Because the protocol involves the use of the vasodilator
adenosine to augment coronary blood flow, there are several
contraindications to MR perfusion imaging, including wheezing,
hypertension, the use of caffeine or aminophylline, or greater than
first-degree atrioventricular heart block. Depending on the patient
population, approximately 5% of patients are likely to experience
discomfort during the exam. Approximately 0.5% experience a
potentially serious adverse reaction to adenosine, such as
arrhythmias or heart block. During stress testing, a staff member
with Advanced Cardiac Life Support certification must be
Figure 4 shows a patient with reduced perfusion in the septal
and anterior portion of the myocardium, and another patient with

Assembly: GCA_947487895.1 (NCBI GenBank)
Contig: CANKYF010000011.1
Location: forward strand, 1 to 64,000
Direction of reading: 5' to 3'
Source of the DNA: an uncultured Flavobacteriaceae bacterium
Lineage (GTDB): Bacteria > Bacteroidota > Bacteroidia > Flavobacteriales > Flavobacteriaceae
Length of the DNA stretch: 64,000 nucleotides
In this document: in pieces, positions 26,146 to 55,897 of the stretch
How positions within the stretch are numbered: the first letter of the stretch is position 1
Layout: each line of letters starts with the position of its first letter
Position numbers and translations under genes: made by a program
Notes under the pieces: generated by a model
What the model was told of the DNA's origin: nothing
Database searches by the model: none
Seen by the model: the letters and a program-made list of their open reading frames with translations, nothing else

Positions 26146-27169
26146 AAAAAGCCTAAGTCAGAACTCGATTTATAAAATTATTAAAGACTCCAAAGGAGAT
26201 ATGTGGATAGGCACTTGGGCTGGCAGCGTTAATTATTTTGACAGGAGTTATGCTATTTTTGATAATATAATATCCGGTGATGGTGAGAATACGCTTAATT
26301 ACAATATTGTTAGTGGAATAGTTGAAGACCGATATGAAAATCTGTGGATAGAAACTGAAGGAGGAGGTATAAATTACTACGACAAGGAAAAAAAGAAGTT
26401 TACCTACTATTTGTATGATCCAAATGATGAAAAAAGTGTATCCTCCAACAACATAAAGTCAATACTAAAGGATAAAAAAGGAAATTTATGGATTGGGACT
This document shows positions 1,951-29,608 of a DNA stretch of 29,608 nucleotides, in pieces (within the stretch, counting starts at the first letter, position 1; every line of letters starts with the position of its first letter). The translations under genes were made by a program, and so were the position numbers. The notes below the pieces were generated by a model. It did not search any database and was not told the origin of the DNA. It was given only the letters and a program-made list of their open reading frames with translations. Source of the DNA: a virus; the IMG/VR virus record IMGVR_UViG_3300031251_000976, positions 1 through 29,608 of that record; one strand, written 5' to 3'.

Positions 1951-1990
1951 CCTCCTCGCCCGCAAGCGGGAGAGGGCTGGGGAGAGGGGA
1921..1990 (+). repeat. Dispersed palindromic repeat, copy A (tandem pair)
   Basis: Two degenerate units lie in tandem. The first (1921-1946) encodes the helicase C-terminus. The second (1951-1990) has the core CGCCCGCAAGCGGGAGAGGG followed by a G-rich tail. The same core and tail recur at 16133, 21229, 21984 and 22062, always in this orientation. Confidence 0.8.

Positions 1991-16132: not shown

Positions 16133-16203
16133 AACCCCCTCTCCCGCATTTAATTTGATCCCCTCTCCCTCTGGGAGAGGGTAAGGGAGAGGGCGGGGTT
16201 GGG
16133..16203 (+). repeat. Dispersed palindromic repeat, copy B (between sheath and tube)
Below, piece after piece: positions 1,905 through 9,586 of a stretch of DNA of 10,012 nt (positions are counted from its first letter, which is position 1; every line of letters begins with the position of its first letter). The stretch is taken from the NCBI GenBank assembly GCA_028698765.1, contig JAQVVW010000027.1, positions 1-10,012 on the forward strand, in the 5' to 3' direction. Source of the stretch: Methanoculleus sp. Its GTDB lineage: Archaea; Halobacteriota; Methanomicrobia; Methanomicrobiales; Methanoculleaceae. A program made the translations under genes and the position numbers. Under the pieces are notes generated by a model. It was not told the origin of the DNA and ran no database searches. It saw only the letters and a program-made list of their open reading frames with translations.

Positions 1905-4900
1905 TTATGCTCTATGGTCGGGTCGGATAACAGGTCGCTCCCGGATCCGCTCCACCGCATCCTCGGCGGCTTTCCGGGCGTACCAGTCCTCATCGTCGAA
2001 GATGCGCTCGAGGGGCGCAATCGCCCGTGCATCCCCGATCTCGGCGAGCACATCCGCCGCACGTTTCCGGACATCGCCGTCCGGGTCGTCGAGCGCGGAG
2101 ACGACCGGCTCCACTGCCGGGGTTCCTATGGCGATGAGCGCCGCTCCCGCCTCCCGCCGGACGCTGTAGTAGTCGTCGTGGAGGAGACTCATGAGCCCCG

left ven-tricular hypertrophy and small subendocardial areas of
A major area of investigation involves the quantification of
perfusion defects, as a better alternative to visual estimation of
the extent of stenosis.
Nonetheless, even with visual estimation, the overall correlation
between perfusion abnormalities that are physiologically
significant and angiographic stenosis has been quite good (Table
The imaging of atherosclerosis represents a major new and
developing application of contrast administration. Often, MR
angiography of patients with suspected heart disease shows an
essentially normal coronary lumen. However, there can be tremendous
amounts of disease in the vascular walls. Assessment of the
atheromatous components of plaque represents an important and
active area of investigation today. Key questions in determining
whether a plaque is vulnerable to rupture include whether it has a